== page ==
A US$350,000 watchmaking thought experiment

H Moser made a tourbillon minute repeater with no hands

By Stephen Pulvirent / BLOOMBERG

I WAS having a conversation with my colleague James the other day and he said something that really resonated with me. I’ll paraphrase him a bit here, but his point boiled down to the idea that sometimes you hear about a watch and can’t help but think that the whole thing is “a bit” or an elaborate joke of some kind.

Turning the watch over, you get a view that could not be more different from what you get up front

I’ll admit that when I first heard about the H Moser Swiss Alp Concept Black, that was exactly what popped into my head.

“A minute repeater tour billon with no hands? They’ve got to be kidding here, right?” is what I thought. But the watch is no joke. It’s real. It’s available for sale. And, to be honest, it’s kind of awesome.

Minute repeaters were originally invented for telling the time in the dark when you couldn’t see your watch’s dial. You could chime the repeater, telling time with your ears instead of your eyes.

The Swiss Alp Watch Concept Black, on the other hand, is a minute repeater that can never be read with your eyes and requires you to chime it to know the hours and minutes, whether it’s midday or midnight.

H Moser’s well-known for its “concept” watches, with their super clean dials, free of logos and indexes, and the idea here was to extend that idea all the way, removing absolutely everything from the front of the watch. Well, everything except a flying tourbillon, of course.

The watch itself is 45.8mm x 39.8mm and is 11mm thick, making it rather substantial, especially in platinum. The glossy black dial is unencumbered by any numerals, hands, or markings of any kind.

Depending on how the light hits it, the expansive black surface alternately looks like a mirror and a deep void. The effect is super cool and I like it even more than I did on a more traditional version with hands.

The only other thing you can see from the front is the flying tourbillon at six o’clock which has a skeletonised bridge and rotates once per minute. 

The only other thing you can see from the front is the flying tourbillon which has a skeletonised bridge and
rotates once per minute

I kind of wish the tourbillon on this watch was hidden on the rear, making it even more of a sleeper, but I understand that I’m likely in the minority there.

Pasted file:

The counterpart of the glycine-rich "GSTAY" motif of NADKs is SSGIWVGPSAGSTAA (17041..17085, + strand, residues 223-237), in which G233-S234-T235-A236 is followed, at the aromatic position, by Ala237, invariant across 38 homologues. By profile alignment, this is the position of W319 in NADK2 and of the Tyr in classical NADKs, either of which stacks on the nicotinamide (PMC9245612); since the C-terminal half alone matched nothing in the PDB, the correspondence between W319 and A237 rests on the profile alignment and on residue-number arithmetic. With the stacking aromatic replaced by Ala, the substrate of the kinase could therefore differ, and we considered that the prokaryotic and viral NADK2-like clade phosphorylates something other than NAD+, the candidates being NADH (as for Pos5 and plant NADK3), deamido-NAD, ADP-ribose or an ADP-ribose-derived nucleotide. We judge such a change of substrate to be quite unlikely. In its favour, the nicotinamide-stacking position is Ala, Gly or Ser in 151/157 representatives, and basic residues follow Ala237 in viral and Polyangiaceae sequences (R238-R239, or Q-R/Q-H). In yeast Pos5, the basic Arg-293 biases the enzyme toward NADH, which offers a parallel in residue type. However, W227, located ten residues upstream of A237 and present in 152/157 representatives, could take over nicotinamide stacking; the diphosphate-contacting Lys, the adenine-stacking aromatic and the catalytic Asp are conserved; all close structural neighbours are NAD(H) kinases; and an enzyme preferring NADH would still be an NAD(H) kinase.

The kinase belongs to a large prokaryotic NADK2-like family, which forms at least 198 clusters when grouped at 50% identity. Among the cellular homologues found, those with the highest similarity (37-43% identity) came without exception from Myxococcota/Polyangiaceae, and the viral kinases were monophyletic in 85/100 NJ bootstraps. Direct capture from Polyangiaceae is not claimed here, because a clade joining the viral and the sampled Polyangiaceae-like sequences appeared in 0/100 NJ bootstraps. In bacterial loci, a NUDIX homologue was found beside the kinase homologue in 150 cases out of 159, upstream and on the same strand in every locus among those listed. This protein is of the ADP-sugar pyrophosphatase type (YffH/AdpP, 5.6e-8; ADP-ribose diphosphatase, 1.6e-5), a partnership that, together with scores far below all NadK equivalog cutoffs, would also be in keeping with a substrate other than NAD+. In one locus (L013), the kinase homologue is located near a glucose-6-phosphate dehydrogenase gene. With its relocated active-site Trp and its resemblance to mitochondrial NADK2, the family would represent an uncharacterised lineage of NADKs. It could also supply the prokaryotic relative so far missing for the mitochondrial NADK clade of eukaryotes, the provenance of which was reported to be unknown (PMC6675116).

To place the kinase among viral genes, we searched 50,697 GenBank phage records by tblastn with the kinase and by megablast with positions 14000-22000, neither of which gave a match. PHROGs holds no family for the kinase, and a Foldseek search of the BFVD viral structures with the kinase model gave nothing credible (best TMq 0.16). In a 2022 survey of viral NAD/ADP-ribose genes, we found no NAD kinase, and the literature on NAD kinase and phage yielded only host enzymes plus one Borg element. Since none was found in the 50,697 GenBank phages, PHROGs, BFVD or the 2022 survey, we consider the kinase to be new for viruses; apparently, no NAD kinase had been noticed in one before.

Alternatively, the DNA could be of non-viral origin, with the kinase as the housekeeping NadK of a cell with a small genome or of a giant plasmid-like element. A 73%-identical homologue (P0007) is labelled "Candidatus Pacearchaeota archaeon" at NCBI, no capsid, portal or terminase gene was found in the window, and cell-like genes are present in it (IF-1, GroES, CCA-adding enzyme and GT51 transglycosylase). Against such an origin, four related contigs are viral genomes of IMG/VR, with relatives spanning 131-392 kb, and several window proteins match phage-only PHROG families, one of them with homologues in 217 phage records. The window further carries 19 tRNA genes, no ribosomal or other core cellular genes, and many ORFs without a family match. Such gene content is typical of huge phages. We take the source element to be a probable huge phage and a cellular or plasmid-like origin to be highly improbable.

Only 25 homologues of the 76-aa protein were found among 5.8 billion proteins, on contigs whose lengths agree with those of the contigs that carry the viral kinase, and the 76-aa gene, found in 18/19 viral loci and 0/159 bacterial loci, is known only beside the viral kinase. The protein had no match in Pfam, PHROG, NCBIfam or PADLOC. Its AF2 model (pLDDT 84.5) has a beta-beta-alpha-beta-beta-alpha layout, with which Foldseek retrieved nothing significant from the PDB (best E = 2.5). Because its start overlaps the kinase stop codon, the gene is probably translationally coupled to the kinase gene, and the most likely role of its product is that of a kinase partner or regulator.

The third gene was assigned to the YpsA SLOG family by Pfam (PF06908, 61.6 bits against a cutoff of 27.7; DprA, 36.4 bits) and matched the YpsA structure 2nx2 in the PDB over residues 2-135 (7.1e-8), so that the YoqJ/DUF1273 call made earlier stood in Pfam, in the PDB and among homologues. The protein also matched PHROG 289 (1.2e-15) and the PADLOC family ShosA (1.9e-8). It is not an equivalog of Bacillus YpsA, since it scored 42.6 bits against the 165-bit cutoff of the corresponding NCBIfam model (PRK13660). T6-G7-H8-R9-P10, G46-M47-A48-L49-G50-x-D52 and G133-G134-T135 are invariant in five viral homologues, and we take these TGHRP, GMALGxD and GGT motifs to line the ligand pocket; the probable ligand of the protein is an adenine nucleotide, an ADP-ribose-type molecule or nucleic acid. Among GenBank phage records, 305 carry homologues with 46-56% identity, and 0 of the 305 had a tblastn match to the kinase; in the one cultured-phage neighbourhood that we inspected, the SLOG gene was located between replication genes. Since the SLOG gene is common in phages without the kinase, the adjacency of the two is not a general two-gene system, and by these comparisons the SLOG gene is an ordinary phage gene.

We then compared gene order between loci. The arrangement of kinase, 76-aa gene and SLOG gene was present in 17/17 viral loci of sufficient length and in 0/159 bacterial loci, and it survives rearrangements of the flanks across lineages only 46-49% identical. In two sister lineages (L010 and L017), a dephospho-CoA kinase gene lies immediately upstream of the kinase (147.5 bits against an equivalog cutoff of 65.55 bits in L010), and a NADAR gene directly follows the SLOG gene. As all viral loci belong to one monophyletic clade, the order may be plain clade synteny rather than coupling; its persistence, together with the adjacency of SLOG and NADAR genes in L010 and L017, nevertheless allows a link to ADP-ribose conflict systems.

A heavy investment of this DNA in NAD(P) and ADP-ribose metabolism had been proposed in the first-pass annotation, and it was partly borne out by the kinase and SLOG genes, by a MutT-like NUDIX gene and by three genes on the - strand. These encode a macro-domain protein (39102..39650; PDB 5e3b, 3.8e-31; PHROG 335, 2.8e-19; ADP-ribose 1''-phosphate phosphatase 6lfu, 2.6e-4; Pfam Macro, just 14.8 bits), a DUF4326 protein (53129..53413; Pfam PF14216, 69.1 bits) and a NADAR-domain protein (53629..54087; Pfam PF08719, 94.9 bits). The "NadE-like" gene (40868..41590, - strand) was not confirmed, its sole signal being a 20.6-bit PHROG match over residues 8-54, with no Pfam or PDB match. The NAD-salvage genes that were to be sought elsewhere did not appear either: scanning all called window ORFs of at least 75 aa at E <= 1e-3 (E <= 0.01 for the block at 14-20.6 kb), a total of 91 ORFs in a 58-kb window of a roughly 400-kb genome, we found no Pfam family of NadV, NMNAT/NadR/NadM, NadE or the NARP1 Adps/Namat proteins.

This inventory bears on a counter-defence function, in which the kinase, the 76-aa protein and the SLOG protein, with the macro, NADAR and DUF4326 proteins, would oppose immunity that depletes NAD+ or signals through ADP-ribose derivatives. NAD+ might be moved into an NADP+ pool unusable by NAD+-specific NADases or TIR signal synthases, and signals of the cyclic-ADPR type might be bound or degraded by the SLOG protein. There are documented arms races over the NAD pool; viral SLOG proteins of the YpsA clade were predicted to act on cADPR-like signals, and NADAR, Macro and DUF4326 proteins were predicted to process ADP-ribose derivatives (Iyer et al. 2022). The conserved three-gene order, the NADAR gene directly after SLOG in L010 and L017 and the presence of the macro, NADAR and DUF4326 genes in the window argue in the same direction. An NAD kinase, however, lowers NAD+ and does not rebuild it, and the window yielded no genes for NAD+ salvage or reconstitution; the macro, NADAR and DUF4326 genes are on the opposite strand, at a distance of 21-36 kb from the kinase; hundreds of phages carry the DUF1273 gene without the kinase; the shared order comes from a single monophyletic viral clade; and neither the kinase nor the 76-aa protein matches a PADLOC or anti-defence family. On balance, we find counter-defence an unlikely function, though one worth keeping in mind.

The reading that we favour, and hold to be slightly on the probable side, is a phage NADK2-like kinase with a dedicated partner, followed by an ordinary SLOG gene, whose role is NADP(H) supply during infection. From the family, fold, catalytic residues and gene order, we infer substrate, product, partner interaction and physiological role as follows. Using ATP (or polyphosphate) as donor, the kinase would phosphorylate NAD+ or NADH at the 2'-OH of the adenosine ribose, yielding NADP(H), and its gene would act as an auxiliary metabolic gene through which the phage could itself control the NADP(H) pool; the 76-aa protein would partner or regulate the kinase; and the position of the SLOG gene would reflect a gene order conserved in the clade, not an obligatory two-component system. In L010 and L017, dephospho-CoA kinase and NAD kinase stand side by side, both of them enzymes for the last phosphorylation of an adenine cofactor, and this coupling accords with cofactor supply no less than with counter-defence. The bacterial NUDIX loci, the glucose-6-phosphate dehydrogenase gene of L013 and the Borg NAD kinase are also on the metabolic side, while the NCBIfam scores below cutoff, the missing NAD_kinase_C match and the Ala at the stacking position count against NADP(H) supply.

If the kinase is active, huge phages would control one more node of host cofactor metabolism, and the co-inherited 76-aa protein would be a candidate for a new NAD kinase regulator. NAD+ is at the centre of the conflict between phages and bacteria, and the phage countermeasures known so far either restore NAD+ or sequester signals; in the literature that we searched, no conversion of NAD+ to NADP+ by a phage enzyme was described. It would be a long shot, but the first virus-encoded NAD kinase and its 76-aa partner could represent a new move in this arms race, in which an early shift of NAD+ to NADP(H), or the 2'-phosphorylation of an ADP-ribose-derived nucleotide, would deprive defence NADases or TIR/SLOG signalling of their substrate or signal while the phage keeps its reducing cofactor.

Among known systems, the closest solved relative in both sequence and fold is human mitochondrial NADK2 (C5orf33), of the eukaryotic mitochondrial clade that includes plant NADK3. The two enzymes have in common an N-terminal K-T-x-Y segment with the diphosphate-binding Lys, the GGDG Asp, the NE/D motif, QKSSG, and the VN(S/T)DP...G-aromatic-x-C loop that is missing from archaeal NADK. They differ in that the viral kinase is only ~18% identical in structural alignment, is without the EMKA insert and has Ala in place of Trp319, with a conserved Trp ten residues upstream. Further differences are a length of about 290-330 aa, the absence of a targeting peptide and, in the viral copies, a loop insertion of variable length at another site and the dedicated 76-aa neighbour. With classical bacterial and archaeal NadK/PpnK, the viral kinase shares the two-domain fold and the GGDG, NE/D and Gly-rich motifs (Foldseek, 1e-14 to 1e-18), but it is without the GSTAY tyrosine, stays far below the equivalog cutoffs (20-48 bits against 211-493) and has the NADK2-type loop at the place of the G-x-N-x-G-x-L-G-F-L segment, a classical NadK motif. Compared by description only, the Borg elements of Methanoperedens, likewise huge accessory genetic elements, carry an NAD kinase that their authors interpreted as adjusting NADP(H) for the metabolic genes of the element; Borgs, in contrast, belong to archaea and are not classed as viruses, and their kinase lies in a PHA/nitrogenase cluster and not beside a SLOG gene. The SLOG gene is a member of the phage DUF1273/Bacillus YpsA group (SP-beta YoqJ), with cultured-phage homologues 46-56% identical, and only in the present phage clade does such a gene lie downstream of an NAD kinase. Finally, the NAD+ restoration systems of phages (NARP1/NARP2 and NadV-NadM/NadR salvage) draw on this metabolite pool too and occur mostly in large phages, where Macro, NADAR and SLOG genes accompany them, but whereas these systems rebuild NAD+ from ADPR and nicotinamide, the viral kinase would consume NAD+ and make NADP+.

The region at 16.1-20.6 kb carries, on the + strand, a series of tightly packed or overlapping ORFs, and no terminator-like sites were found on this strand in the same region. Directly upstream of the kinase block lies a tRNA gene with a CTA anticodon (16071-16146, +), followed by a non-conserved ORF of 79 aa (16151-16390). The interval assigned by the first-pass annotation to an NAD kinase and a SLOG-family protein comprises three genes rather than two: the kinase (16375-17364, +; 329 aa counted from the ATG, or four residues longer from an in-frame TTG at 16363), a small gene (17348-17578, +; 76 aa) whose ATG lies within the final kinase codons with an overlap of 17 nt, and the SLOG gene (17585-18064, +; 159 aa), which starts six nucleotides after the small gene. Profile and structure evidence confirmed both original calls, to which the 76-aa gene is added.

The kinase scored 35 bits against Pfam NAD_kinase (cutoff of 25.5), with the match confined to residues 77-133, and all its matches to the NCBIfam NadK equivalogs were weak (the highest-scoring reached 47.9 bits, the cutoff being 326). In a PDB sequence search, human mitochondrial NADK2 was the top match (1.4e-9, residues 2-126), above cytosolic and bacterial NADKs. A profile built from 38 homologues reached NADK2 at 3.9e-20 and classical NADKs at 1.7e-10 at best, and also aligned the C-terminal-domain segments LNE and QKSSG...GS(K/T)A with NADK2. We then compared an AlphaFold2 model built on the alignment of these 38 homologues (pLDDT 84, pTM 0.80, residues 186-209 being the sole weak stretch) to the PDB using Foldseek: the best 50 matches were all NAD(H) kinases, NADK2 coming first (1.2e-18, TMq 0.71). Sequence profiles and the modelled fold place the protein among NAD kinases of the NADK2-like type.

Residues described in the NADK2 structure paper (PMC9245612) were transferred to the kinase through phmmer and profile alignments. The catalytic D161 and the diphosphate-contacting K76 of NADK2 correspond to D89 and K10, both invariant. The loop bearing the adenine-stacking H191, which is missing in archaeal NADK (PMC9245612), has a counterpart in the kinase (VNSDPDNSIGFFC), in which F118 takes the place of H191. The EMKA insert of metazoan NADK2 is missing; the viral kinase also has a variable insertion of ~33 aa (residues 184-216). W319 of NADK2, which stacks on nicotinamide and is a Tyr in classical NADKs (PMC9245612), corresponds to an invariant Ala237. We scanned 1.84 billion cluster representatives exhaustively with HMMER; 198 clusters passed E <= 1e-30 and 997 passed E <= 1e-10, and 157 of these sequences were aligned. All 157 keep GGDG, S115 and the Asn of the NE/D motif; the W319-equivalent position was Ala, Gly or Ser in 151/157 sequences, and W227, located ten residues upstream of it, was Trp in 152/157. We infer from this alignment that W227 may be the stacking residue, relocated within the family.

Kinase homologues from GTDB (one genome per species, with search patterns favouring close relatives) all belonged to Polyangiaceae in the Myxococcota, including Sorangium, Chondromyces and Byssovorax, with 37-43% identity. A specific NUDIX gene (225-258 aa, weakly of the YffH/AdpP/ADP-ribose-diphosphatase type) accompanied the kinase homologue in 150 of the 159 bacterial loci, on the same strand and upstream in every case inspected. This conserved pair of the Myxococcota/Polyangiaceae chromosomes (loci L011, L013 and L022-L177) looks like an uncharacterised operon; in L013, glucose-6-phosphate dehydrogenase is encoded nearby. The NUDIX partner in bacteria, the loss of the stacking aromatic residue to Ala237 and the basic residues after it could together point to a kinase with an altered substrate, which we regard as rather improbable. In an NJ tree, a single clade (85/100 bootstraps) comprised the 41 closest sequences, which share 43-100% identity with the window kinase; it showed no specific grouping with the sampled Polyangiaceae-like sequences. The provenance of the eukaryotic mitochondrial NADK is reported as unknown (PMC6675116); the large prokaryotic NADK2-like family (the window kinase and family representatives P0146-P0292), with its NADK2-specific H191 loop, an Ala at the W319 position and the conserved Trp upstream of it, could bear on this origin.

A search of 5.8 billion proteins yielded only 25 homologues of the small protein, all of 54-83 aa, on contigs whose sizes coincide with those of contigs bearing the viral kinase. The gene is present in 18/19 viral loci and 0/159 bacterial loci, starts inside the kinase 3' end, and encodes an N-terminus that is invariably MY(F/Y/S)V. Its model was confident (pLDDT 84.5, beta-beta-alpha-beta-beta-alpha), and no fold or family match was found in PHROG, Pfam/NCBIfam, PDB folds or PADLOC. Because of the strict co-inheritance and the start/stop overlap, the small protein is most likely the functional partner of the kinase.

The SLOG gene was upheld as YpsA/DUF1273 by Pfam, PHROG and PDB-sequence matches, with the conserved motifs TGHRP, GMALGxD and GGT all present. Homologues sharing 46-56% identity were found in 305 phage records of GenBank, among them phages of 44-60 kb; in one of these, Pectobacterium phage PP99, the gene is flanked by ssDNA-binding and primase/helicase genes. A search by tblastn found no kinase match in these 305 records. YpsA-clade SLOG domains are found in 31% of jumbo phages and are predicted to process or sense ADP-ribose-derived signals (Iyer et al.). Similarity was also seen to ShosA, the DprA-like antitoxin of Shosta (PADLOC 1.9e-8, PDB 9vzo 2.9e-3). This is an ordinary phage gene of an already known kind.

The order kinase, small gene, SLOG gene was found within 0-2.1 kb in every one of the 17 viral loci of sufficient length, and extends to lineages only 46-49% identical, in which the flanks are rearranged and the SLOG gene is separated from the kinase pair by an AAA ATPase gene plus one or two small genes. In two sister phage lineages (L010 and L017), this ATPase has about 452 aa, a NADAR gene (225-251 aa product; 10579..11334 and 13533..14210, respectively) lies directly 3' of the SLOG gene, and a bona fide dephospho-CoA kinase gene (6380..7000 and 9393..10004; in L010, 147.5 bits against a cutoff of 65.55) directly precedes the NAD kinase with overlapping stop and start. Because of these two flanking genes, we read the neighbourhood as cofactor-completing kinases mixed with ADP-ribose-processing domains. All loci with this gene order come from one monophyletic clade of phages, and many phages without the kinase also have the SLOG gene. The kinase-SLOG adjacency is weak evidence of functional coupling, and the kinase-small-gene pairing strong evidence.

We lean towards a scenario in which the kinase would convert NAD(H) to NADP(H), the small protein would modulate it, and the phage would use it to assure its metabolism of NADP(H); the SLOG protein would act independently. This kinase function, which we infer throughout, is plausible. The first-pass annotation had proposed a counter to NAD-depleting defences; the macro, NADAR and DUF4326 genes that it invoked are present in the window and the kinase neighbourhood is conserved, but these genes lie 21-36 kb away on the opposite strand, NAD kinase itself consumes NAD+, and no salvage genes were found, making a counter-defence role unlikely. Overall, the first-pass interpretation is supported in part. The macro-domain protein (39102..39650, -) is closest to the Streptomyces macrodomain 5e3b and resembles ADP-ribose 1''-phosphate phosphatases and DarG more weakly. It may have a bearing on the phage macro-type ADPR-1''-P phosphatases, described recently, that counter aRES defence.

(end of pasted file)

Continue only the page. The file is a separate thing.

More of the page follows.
Turning the watch over, you get a view that could not be more different from what you get up front.

The calibre HMC 901 is a beautiful rectangular movement with loads of nice finishing to enjoy and a geometry that is pretty atypical.

I particularly like the double striping on the plates and bridges and the way that the bridges seem to converge around the repeater hammers in the top right corner.

For this movement, H Moser works with Manufactures Hautes Complications SA (MHC), who make repeaters for many top brands. This particular calibre is exclusive to H Moser and they were involved in the development as well.

One unusual thing about this repeater is that because it has a rectangular-shaped movement it uses rectangular gongs to chime the time (or at least mostly rectangular — they cut across the upper right corner, if you’re looking from the back, arching across where the hammers strike them).

You could also commission your own piece in a similar style if this isn’t exactly what you’re looking for

I wasn’t quite sure how this would sound, and I know that non-round gongs are even harder to tune than round ones, which is saying something. Add a platinum case and you could say I was downright sceptical.

However, pulling the slide, I was delighted by what I heard. The watch’s sound was crisp, clear and resonant, with none of the dampening you’d expect from a heavy precious metal case.

MHC and H Moser have done a really nice job here. And, since the watch can’t tell time except by the repeater, that’s a pretty critical job indeed.

When this watch was presented to me last week, there was one very important question that, to be honest, I didn’t even think to ask: How the heck do you set this thing?

The watch chimes the time, so it still does need to be set correctly, but there are no markings on the dial at all to help you with this.

The answer is actually my favourite part of this watch. The movement was developed such that rotating the crown one full turn moves the time one hour in either direction.

You’ll see one little black tick mark on the crown, and when you pull the crown out, you reveal a set of 12 more of these markings. 

When you pull the crown out, you reveal a set of 12 little black tick marks

Each denotes five minutes, letting you easily figure out how much you’re moving the “hands” at any given time.

So, what you do to set this thing is chime it, note down the time, and then adjust that time based on the crown tube markings to get where you need to go. Just chime it again to double check and you’re all set. It’s simple, but pretty ingenious.

As a reminder, H Moser’s repeaters are all unique pieces, and this one is no different. It’s currently available for US$350,000 (RM1.45 million), but you could also commission your own piece in a similar style if this isn’t exactly what you’re looking for.

It will be interesting to see if the brand decides to iterate on this idea in the future, though think that the concept and aesthetic execution of this particular example are a pretty spot-on combination as it is. — Bloomberg


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